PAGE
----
Taking a break with Molasses Coffee Cake

Two years ago, Northern California was ablaze the first of two fall seasons where wildfires raged and devastated communities,  and for weeks darkened the skies and filled the air with a smoke that choked and permeated the atmosphere. It was during that first season of fires that, grateful to have a home, but enclosed in it due to the unsafe air quality, I felt helpless and bent toward doing the only thing I really know how to do when I feel hopeless and helpless and sad — bake.

I went into my kitchen in a house that was buttoned up tight to shut out the smoke and decided that I would create my own aromatic barrier by baking…I could at least control what was happening in my own safe space of batter and oven. I chose to make Dorie Greenspan’s Lemon-Spice Visiting Cake (see blog post of 12/17), which she featured in her New York Times column, a beautiful loaf cake of zest and juice and eggs and butter and cardamom and ginger that she herself called “aromatherapy.” I’ve since made this cake a number of times, always comforted by it, and I’ve even sent it on “visits” through the mail to those I love. 

Flash-forward two years, and we are in early fall and I pray that it will not be three years in a row of wildfires, but without knowing and without doing any sort of waiting for another shoe to drop I can — at least —  make cake. This time, it’s Dorie’s recipe again from her 2018 book “Everyday Dorie: The Way I Cook” (Houghton Mifflin Harcourt). 

The cake, Molasses Coffee Cake, is a part of the @rainydaybites Instagram cookbook club and seemed a perfect choice to kick off some fall baking. 

When I was a little girl, I was confused about coffee cake recipes — most didn’t have coffee in them. This didn’t mae sense. Once I was an adult and had established a solid coffee habit, this confusion turned to anger…coffeecake SHOULD have coffee in it! Well, this coffee cake recipe has coffee, both in the cake and in the glaze! It was sure to be flavorful, as it included all sorts of spices as well.

Ginger, Chinese five-spice powder (a blend of cinnamon, fennel, cloves, anise and white pepper), cinnamon and fresh ground pepper, along with molasses, would definitely give this cake a whole lotta zing, like a zippier gingerbread, one of my favorite flavors for fall and winter. 

The spices are whisked with flour, baking powder, baking soda and salt, then set aside.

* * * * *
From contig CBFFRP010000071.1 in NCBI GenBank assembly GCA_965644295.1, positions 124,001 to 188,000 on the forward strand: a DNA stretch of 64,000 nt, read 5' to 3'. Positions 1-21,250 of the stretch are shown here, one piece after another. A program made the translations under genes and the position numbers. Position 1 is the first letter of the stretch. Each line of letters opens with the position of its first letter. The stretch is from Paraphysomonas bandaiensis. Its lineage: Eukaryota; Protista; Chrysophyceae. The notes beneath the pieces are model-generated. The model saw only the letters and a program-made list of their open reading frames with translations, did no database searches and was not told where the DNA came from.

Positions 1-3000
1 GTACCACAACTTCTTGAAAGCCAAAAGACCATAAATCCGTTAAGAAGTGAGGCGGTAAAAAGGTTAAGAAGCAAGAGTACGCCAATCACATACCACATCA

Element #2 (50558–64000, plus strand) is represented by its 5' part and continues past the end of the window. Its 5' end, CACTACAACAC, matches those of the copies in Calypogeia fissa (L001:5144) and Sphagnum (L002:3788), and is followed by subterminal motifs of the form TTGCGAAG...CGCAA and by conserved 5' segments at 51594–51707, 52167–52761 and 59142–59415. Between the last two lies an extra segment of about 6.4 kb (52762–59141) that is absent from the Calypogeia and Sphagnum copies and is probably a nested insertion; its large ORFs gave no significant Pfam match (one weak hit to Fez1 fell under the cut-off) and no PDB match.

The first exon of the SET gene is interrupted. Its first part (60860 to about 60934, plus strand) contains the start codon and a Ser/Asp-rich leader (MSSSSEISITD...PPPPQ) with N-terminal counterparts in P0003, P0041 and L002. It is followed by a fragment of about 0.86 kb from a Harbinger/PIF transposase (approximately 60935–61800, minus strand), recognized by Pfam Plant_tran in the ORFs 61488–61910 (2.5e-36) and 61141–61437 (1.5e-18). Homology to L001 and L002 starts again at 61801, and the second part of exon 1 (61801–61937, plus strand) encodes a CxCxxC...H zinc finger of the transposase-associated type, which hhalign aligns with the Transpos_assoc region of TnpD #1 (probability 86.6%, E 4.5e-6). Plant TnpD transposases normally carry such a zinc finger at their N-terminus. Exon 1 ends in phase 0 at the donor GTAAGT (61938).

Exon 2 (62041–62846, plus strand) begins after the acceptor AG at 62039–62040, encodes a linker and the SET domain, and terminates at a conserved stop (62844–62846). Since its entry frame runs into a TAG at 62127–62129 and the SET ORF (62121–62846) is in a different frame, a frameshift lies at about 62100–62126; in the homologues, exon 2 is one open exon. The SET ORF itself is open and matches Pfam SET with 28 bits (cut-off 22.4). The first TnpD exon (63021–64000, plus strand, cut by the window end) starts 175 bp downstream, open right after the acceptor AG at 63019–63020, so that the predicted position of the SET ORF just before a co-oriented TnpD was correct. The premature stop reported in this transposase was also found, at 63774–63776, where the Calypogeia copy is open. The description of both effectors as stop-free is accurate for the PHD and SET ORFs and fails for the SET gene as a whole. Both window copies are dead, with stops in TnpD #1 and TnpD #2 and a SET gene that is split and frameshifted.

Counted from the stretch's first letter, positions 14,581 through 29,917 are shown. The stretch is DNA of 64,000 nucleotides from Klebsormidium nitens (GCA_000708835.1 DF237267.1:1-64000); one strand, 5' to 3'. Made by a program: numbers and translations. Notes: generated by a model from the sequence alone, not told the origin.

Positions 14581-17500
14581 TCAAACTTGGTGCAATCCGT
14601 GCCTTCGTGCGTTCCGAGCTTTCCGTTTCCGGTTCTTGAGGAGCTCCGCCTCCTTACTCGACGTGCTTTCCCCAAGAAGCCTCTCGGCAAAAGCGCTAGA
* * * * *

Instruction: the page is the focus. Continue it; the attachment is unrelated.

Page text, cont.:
Room temperature butter and brown sugar are creamed at medium speed for a couple of minutes to a soft caramel color.

Potent molasses is then beaten into the creamed mixture….do not forget the scraping down of the bowl. I know the scraping-down part when mixing batters can seem tedious, but it is an essential step to make sure everything is incorporated and blended evenly.

A couple of eggs and some good vanilla (by “good,” I mean my homemade concoction that waits at the ready for me in my dark pantry) are then blended in.

I liked the no fussy aspects of this cake, such as putting all the dry ingredients in (versus dry alternating with something wet, like milk), then mixing just until everything comes together.

I also like the hot-coffee method of cake-making. There’s something magic that happens in this final step, when hot coffee is slowly poured in and mixed into a butter batter. It softens and silkens the mixture nicely, and that strong coffee flavor would add an extra, nice deep element to all the spices and molasses.

I also loved that you could use a springform pan for this cake. My springforms don’t get enough use, as I seem to relegate them to cheesecakes or tarts (which are too rare in my baking rotation). A springform pan makes a lovely single-layer cake.

And a single layer cake bakes up fairly quickly, about 30 minutes in a 350-degree oven. This cake was such a beautiful deep brown, richly gingerbread in tone, and made the house smell like the holidays.

The springform pan released the cake nicely, too. I was pleased with how it looked. Sturdy, yet inviting, the cake could have been left unadorned and eaten and enjoyed just the way it was. I’m not a big fan of most glazes and frostings, but I wanted to try the one that accompanied this cake.

Rather than a sugar-based glaze, this recipe employed chopped white chocolate as its foundation. 

Instant espresso powder is dissolved with boiling water for the rich flavor this glaze would take on. I added a pinch of cinnamon to this mixture to carry the spice theme through here, too.

Heavy cream is heated, and the coffee “extract” is add to that, then all is  and poured over the chocolate, then after a bit of a wait (30 seconds), all is stirred. Then some final knobs of rich butter to give the glaze more gloss. At first, I thought the glaze would be pale (as it seems to be a lighter color in the photo in the cookbook).